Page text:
Encinitas approves El Portal mosaic design, authorizes its fabrication

A Paul Ecke student-designed mural panel
(Karen Billing)

Paul Ecke Central School, San Dieguito Academy students involved in pedestrian underpass artwork


An eclectic, funky mosaic design that features found objects and celebrates Leucadia’s history won Encinitas City Council approval Wednesday, May 10, and now heads into the fabrication stage.

Plans call for 17 panels, a 6-inch tile ribbon and two cairns to decorate the El Portal pedestrian railroad undercrossing, which opened last year. Elementary students in grades 3-6 at Paul Ecke Central School, which is near the project site, and high school art students from San Dieguito Academy worked together to create the designs.

And, they’ll be continuing to participate this summer as the concept work becomes a reality, high school art teacher and project leader Jerm Wright told the council.

Wright, who also was involved in the art project at the Santa Fe Drive freeway undercrossing, said the El Portal project will have “that same flavor” of diversity in the artwork. As he spoke, several students unrolled paper mock-ups of the proposed designs and marched around the council chambers holding them up for all to see.

The panel images will include a Kumeyaay tribal scene, a flower festival parade from decades ago, and the truck-pulled relocation of the former Santa Fe Railroad Station (now the Pannikin cafe). Surfers, sharks, seabirds and even a swarm of bees also will make an appearance.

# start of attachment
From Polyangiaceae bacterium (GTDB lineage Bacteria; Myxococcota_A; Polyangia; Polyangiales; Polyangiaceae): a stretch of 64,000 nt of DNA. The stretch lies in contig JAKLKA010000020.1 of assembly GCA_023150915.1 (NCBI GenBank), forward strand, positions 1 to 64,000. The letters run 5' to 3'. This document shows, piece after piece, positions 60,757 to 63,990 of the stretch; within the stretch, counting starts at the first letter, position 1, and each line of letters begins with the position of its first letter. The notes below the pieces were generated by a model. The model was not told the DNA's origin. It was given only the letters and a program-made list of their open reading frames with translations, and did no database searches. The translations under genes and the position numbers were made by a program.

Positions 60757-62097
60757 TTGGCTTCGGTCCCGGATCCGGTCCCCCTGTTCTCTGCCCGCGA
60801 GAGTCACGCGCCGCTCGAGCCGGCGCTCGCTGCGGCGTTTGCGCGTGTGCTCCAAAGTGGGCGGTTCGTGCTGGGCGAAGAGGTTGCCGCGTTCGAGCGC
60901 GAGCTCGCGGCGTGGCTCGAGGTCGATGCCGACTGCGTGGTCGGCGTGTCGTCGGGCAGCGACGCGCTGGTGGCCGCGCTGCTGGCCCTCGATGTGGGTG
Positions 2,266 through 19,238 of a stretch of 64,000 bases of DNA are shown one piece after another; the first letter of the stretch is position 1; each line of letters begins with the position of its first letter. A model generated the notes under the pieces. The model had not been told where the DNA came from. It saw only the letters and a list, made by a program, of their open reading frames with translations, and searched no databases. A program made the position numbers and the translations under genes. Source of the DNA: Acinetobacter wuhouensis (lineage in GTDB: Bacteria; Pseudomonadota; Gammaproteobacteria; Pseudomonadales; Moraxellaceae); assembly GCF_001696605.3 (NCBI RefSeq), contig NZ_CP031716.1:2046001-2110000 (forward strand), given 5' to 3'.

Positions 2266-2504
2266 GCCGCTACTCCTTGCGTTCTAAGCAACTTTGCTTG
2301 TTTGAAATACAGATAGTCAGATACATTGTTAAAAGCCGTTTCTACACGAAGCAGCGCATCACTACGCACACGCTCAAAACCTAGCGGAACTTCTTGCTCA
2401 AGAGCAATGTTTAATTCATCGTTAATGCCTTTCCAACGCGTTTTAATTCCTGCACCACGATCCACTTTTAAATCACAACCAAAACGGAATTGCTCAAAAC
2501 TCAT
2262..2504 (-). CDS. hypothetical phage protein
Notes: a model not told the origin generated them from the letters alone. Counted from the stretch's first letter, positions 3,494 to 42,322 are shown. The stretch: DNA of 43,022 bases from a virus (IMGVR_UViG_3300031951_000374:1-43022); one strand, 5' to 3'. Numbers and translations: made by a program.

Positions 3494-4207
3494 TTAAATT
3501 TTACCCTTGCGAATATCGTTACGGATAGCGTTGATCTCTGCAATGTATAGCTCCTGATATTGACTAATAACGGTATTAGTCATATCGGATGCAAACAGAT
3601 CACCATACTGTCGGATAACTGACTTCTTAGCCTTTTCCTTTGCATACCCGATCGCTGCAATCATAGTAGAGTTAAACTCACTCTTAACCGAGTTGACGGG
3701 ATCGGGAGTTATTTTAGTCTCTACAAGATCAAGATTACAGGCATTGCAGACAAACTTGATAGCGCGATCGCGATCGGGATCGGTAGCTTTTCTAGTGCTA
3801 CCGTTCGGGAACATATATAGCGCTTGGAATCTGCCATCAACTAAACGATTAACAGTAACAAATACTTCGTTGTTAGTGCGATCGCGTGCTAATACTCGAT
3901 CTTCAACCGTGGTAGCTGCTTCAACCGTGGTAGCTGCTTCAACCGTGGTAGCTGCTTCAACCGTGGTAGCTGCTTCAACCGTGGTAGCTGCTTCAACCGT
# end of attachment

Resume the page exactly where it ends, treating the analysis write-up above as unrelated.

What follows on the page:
Mural panels designed by Paul Ecke students.
(Karen Billing)

“All of the tiles will be very strong, weather-proof; it’ll last for years,” said Wright, who runs a ceramic studio at SDA.

Participants’ thumbprints are being incorporated into the design, as are found objects that Paul Ecke Central students have been collecting in donation boxes. Because of the diversity of materials, the mosaics will be “very tactile,” Wright promised.

Councilmember Kellie Hinze, who once attended Paul Ecke Central, said she thought the reuse of found objects, such as broken bits of dinner plates, was “so Leucadia.”

This mosaic project has been talked about for years, Hinze said, adding, “I always envisioned that it would be cool, but I didn’t expect it to be this cool.”

Mayor Tony Kranz, a former SDA student who called Wright one of SDA’s finest teachers, said he wanted city staff to create a documentary about the project, saying it will be “interesting years down the road for people to appreciate what went into it.”

To view the council staff report and accompanying pictures of the proposed panels, visit: